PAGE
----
Daniel Loxton is examining some of these issues in the context of his review of Benjamin Radford’s book Scientific Paranormal Investigation at Skepticblog. Just as there is no alternative medicine only medicine, much as there is no pseudoscience only science, perhaps there should be no skepticism only critical thinking and the scientific method.
If conversations around my dinner table are any indication, to the casual, uninvested observer a lot of the current skepticism appears to be simple debunking reflexively applied by know-it-all buzz kills (the character Cliff Clavin comes to mind). Are there any ethical considerations when we encourage or demand critical thinking, skeptical inquiry, and application of the scientific method? Is it ever inappropriate to disabuse persons of an emotional commitment to magical thinking? Is helping a person become "disillusioned" ever a bad thing? I'm pretty sure there isn't.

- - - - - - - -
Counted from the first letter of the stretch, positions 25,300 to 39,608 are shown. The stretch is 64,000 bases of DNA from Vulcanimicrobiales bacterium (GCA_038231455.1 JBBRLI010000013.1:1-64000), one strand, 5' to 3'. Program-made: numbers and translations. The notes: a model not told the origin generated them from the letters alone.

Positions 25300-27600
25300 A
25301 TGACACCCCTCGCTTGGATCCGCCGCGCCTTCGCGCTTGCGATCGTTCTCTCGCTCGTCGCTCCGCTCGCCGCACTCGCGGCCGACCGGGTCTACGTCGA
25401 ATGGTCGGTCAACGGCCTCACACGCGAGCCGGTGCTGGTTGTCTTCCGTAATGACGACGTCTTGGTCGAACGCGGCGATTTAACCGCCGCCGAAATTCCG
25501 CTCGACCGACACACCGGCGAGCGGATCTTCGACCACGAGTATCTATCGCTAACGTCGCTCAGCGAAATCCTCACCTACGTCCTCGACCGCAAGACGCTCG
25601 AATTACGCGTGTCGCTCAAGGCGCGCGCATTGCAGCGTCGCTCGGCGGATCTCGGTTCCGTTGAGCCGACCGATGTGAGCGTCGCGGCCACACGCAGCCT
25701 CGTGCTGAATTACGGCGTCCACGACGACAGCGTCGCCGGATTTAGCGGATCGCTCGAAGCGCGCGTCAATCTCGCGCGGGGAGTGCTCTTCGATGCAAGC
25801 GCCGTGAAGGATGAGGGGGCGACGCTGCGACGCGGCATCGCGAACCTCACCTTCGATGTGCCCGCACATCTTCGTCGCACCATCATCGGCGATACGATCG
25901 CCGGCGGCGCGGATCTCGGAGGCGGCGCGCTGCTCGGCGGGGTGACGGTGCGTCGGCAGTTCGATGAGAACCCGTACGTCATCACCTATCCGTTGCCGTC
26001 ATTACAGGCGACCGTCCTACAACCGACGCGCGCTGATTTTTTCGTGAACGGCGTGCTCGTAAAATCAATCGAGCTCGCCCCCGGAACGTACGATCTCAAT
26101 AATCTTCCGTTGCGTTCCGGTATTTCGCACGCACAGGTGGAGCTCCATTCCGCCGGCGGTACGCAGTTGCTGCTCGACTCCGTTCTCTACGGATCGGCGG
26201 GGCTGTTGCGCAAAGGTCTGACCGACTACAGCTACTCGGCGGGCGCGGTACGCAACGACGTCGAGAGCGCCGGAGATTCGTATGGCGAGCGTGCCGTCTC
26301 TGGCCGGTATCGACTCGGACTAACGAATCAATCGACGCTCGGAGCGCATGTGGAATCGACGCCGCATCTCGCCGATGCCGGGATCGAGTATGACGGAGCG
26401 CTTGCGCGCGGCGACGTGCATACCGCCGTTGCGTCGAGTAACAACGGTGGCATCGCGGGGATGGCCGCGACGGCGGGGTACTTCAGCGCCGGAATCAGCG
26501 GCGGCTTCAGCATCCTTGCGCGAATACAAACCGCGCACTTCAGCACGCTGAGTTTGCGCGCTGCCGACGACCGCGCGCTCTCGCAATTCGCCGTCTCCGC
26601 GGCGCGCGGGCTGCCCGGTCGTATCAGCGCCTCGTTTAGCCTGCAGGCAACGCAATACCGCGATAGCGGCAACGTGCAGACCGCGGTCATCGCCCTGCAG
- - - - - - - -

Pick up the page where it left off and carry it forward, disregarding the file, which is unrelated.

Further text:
However, framing the argument as the "Skeptical Community" versus the paranormal, SCAM, UFO, cryptozoology, new age, or religious communities may reinforce this perception, not only among those prone to magical thinking (and inclined to defend it), but also among the great majority of people who are merely disinterested. So, does the term "skeptic" repel some folks who would benefit from a greater understanding of critical thinking or the scientific method? I'm not sure.